Carol Ferris (Blake Lively), responding to the doubts of Hal, says: The ring didn’t see that you were fearless. It saw that you had the ability to overcome fear. It saw that you’re courageous.
If there’s neither fear and subsequently nor courage, the equation would be unbalanced and therefore courage would not be possible. The result to this equation is ultimately death.
Fear is mother to all primary “negative” emotions. These emotions (anger, guilt, sadness…) are very needed to complement and accomplish their “counterparts”. However, it’s better if it is used with right dosage, at the right time and the right place. Too much fear will consume us, just like it consumed Hector and Parallax.
If we look at the scene where Hector starts hearing the thoughts of his students in class, for example, we can see that excessive fear might transform into paranoia. This in turn will lead to inappropriate and unbalanced behavior. In a real situation involving fear, like a fierce lion coming your way, the typical behavior involves three reactions: flight, fight or freeze. The fear in this case is justified. On the other hand, being afraid of the idea of a kitten is an indication of phobia – excessive unjustified fear. Phobia arises from discrete pathologies related to developmental, apprenticeship and psychoanalytical theories.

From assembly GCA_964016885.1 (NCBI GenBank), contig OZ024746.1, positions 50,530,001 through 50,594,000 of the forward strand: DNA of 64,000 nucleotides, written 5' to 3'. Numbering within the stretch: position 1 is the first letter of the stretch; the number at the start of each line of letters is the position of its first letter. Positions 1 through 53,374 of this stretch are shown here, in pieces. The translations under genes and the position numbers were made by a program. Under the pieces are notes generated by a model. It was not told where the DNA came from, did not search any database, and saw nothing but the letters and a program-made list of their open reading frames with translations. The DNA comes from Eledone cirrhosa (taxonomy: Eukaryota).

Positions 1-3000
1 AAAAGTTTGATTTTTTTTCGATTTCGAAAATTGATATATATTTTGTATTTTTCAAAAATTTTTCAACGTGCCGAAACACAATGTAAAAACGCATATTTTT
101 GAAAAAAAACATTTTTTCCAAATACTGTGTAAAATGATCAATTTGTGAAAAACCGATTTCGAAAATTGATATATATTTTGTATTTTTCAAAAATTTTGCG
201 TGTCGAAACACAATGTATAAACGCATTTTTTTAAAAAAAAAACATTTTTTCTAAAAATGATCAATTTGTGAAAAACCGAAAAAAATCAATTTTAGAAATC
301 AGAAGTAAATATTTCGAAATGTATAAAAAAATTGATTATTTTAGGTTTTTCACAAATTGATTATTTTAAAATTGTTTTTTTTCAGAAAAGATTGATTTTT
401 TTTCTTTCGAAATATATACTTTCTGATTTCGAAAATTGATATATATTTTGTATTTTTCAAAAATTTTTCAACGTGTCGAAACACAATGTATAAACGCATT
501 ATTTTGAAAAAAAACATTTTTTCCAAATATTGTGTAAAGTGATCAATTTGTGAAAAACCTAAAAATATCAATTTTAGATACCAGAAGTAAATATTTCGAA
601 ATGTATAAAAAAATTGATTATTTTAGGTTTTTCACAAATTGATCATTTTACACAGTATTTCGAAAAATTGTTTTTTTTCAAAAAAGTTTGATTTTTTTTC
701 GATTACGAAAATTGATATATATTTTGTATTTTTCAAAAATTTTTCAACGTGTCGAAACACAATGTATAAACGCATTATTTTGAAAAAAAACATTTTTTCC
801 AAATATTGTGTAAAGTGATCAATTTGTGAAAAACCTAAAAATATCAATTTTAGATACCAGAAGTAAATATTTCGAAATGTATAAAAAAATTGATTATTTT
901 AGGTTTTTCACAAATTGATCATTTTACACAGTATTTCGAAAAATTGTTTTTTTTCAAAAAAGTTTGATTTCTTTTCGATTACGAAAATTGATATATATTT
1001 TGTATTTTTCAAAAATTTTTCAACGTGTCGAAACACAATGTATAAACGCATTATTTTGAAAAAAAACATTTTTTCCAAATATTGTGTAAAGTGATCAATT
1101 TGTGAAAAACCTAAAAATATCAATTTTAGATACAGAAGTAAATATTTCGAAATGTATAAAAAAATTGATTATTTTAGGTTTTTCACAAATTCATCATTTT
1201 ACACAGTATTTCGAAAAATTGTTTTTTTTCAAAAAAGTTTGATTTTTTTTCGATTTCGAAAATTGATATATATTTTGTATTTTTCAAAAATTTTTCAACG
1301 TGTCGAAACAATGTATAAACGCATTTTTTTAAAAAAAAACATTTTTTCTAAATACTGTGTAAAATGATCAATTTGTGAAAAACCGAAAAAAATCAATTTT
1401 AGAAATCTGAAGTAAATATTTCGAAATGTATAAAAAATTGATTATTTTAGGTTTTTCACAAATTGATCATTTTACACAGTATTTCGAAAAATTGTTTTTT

Parallax, with the intention of taking over the world, starts devouring the souls of the weak. Can you imagine fear overtaking the whole world? Life will become extinct.
What happens if fear kills everything that existed? I guess it’ll get bored and will create courage somehow to challenge/entertain itself so it keeps on existing!
The battle ends when Hal gives the knockout punch to fear, by sacrificing himself for the greater good. That is double symbolic: giving a blow to fear and embracing death… the ultimate courage.
On a final note, the mind can be trained to fear things as it can be trained to be courageous regarding the same things. Always remember:
We are all heroes, in a subtle way, at least to our own story.
Articles coming soon:
 The power of imagination. The ring’s limits are only what you can’t imagine.
Phobias: what are they, where do they come from and how to treat them
In the making:
You are welcome to post a comment or feedback at any time within the comment section below.